This is an archived article that was published on sltrib.com in 2013, and information in the article may be outdated. It is provided only for personal research purposes and may not be reprinted.
The Utah Music Association has taken a postition in regards to the the IRFA (Internet Radio Fairness Act), and Executive Director Tyler Monks sent a letter to Rep. Jason Chaffetz (R-Utah) om January.The UMA is taking a position against this Bill.
In a newsletter, Monks wrote: "In a nutshell it reduces the royalties paid to artists and pads the pockets of Pandora. I encourage all Utah music professionals to write Jason Chaffetz and express your concerns with this bill he is sponsoring. Many songwriting organizations in Nashville, New York, & Los Angeles are against this bill. I'm convinced this is not the solution. I encourage each of you to write a letter to Jason Chaffetz and express your disapproval of this Bill."Hers is a letter that the UMA composer that you can copy and send to Jason Chaffetz' Office:
Dear Rep Chaffetz,
I write to you concerning the Internet Radio Fairness Act.
As I see it, there is little that is fair about the proposed legislation. While it is not fair that businesses compete in the same industry and pay different expenses for the same product, it is also not fair to take only one competitor's side on this argument. The creators of the music are strongly and solidly against the IRFA.
They do not want to see revenues drop as much as two thirds while millions of people still stream their music for free daily. Yet the government won't even give them a say about how their product is dispersed online. Billions of dollars are stolen through pirated websites and our government does little to prevent this.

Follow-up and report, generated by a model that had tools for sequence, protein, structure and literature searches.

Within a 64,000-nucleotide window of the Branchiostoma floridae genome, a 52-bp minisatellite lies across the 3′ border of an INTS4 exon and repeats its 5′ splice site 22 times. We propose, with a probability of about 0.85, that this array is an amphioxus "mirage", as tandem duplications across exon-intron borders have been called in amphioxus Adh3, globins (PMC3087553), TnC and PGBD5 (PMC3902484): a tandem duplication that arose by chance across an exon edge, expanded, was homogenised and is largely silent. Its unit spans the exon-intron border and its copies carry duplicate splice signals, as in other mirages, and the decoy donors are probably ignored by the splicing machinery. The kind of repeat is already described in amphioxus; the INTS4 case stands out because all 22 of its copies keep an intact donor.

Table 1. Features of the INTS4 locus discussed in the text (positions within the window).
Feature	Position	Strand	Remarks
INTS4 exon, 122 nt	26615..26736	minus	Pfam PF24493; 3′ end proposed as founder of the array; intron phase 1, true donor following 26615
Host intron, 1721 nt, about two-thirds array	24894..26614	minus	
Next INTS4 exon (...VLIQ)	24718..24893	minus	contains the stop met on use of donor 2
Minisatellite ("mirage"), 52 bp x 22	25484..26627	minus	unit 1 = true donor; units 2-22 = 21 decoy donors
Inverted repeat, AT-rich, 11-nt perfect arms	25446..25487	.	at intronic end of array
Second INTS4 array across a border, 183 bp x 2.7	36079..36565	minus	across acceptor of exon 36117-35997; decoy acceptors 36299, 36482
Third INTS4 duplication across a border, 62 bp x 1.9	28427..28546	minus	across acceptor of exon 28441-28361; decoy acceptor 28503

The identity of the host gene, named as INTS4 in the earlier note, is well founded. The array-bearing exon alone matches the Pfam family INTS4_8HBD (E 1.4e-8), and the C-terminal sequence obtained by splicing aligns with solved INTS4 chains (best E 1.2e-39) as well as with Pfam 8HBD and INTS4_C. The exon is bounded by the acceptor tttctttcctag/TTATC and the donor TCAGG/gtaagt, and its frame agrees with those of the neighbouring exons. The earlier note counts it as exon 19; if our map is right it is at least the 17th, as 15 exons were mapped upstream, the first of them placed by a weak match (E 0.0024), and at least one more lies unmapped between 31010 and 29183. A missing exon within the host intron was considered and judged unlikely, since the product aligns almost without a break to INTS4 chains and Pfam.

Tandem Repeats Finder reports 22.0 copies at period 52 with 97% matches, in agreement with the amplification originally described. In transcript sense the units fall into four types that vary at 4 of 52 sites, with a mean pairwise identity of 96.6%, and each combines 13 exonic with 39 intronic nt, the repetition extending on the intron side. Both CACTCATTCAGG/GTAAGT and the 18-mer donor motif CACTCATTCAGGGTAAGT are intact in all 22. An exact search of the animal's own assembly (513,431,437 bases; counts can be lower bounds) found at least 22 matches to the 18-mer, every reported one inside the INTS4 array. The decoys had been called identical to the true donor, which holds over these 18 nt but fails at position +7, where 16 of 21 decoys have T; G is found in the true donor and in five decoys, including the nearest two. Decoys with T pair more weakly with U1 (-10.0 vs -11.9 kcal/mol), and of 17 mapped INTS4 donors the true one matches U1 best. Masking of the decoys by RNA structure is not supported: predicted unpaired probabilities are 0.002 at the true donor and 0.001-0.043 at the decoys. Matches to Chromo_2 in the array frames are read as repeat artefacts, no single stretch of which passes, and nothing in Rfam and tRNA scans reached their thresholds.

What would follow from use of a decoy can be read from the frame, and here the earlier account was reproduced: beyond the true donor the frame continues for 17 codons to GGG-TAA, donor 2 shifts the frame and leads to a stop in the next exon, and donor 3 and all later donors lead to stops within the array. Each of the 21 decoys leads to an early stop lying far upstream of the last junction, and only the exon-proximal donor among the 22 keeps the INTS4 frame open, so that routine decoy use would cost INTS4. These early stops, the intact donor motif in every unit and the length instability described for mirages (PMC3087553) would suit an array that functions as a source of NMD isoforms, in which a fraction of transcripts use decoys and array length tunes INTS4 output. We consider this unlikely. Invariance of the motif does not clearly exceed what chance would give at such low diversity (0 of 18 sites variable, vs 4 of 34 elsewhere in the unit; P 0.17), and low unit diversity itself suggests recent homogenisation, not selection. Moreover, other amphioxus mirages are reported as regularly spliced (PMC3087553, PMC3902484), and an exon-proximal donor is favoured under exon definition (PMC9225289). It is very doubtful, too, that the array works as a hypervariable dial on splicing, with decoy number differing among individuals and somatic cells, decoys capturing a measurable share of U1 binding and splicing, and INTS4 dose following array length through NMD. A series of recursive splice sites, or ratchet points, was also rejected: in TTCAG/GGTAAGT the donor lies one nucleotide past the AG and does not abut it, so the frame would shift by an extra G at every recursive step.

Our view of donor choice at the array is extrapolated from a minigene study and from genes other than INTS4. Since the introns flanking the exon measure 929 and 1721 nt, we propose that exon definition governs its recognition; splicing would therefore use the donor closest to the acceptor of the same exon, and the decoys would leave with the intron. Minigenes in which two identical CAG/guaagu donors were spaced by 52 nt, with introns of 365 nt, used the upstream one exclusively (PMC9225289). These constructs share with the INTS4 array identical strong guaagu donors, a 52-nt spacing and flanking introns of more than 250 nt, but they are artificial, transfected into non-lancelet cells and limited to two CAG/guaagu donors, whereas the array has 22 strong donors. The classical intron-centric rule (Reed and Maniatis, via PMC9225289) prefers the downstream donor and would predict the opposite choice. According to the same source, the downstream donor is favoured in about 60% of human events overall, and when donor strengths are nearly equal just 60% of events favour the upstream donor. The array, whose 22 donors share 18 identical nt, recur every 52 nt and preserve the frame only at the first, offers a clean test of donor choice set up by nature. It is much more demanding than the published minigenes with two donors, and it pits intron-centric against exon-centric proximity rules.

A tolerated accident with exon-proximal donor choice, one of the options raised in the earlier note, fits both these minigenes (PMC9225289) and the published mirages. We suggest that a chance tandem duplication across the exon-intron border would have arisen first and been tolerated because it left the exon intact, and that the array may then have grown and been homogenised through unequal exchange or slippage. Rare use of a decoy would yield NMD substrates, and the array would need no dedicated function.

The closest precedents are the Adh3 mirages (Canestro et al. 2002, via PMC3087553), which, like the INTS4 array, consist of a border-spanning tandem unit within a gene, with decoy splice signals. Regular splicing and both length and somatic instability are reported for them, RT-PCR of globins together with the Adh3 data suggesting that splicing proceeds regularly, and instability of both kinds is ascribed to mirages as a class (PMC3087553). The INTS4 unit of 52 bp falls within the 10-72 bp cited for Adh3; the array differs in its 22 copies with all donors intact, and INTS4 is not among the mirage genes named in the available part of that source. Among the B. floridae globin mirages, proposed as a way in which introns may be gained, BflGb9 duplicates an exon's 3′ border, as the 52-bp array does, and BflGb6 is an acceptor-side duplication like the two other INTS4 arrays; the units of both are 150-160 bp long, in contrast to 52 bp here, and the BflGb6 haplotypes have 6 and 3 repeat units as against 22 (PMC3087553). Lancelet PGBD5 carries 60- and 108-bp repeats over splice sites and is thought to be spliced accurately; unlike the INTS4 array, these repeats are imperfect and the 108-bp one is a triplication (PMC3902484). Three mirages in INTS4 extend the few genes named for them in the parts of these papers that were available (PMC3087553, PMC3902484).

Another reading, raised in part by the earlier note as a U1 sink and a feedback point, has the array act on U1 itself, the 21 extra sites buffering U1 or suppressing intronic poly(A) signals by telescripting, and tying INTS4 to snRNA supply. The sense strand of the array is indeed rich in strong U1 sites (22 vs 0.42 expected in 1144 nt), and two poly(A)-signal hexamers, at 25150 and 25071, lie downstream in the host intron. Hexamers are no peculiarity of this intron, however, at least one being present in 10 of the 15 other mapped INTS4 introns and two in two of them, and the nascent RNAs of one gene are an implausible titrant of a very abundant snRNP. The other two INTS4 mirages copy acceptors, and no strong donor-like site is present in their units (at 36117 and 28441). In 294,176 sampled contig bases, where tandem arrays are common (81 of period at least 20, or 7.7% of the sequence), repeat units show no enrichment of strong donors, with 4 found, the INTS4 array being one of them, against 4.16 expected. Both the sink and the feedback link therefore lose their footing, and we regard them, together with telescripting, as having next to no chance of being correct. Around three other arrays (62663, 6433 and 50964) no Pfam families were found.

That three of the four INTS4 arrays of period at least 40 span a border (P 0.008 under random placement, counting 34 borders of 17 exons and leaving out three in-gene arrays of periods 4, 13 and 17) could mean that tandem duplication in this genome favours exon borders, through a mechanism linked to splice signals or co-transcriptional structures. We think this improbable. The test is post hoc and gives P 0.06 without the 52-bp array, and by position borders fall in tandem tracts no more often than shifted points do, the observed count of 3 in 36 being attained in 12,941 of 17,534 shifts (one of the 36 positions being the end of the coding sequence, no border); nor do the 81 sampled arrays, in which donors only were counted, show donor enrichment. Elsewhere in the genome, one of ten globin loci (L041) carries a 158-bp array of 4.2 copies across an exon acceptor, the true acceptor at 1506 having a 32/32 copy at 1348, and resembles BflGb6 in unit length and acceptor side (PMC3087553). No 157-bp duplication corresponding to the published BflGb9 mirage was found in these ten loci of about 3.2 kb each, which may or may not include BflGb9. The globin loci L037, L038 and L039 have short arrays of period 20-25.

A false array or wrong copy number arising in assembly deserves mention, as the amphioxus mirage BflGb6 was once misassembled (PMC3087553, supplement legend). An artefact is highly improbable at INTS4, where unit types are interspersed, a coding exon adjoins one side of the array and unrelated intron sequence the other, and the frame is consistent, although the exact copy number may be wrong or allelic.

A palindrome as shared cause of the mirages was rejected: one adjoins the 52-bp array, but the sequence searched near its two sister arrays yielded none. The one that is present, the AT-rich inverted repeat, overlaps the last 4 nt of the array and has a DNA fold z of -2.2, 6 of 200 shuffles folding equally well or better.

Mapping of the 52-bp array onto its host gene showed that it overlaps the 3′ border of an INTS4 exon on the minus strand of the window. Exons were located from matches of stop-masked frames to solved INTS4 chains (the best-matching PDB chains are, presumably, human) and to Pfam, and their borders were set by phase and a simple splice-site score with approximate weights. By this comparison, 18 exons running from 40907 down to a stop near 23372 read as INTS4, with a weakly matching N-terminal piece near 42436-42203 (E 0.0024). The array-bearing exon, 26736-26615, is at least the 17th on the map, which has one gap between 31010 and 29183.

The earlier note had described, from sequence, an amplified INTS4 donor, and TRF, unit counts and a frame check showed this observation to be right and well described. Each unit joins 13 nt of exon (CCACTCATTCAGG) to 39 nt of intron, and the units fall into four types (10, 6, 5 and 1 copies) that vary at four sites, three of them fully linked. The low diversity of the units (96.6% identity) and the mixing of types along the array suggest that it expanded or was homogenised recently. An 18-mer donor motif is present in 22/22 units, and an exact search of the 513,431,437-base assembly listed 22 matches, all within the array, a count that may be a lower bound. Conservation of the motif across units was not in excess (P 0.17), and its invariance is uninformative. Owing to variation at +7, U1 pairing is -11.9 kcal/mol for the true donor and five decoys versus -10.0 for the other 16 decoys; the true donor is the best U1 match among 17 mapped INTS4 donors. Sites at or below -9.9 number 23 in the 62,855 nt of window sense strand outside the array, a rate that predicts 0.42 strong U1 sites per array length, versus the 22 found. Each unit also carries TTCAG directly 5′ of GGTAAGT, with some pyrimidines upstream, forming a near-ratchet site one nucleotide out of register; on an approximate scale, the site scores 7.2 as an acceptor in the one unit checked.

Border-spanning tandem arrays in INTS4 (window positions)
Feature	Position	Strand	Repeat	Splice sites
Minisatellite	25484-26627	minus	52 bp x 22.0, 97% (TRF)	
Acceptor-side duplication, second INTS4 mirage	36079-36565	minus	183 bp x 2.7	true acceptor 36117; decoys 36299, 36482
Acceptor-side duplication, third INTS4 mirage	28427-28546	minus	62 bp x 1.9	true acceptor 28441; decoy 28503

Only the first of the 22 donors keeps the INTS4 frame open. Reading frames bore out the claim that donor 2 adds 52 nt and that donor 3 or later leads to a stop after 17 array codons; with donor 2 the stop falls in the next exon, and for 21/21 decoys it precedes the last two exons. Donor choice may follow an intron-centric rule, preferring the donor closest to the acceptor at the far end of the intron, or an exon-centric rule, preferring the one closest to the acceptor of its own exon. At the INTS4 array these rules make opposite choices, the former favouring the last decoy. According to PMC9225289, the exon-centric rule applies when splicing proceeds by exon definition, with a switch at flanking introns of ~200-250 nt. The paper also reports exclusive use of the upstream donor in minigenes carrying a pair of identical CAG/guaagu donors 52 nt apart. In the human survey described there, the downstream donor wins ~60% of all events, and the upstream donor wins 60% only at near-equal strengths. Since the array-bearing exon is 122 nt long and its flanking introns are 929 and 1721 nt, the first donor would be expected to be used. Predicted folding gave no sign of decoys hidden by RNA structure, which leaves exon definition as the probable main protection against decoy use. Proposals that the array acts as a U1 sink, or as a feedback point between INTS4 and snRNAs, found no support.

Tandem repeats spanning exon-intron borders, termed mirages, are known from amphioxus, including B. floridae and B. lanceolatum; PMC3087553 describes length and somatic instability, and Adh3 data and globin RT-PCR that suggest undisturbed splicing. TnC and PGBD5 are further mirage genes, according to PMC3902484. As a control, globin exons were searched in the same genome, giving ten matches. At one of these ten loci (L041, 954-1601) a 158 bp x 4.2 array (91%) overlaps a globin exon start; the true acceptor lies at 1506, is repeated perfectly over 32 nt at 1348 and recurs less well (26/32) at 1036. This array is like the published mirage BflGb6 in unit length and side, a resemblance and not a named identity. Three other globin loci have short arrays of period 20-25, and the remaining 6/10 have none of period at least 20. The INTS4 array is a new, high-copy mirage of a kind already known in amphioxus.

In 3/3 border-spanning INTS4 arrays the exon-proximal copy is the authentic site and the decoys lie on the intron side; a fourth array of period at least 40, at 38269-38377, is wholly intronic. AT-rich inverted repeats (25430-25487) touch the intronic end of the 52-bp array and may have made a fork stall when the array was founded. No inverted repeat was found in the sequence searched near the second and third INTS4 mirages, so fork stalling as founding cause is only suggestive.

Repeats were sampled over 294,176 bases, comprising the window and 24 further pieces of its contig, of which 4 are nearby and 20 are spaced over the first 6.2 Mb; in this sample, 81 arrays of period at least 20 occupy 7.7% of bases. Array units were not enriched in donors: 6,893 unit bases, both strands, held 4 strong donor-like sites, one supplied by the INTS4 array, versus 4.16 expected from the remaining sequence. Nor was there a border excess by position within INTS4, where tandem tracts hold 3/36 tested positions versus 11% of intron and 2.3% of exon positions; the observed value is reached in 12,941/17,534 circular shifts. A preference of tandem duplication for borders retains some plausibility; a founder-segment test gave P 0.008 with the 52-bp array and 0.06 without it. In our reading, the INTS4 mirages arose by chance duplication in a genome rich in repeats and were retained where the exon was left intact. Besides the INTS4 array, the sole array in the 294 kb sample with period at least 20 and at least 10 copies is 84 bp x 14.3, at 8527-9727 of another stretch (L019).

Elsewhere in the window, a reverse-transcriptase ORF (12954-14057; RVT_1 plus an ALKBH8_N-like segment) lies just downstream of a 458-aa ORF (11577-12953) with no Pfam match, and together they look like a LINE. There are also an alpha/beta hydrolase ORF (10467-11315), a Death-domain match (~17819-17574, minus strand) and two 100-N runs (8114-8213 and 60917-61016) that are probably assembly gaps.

Those involved in the discussion over royalty fees should be the artists, writers, record labels and other interested parties – but not the government, bureaucrats and legislators. This is not so big a chore that the government must step in and mandate a "willing buyer, willing seller" or a previous set benchmark to allow for these groups to do business. They are more than capable to come to these conclusions themselves.
Pandora is a huge sensation with millions of members, I am confident that they have the power to negotiate and come to terms with the artists and labels as other companies have.
You have said yourself the government should not choose winners and losers, but that is exactly what this bill does - it makes the creators of the product the losers, and the distributors and investors big winners. This hurts Utah artists trying to make a living doing music. Lowering pay for artists is not the solution.
I would ask that you withdraw your support for this bill.
Rep. Jason Chaffetz 51 S University Ave., Suite 318 Provo, UT 84601 Phone: (801) 851-2500
2464 Rayburn House Office Building Washington, DC 20515Phone: (202) 225-7751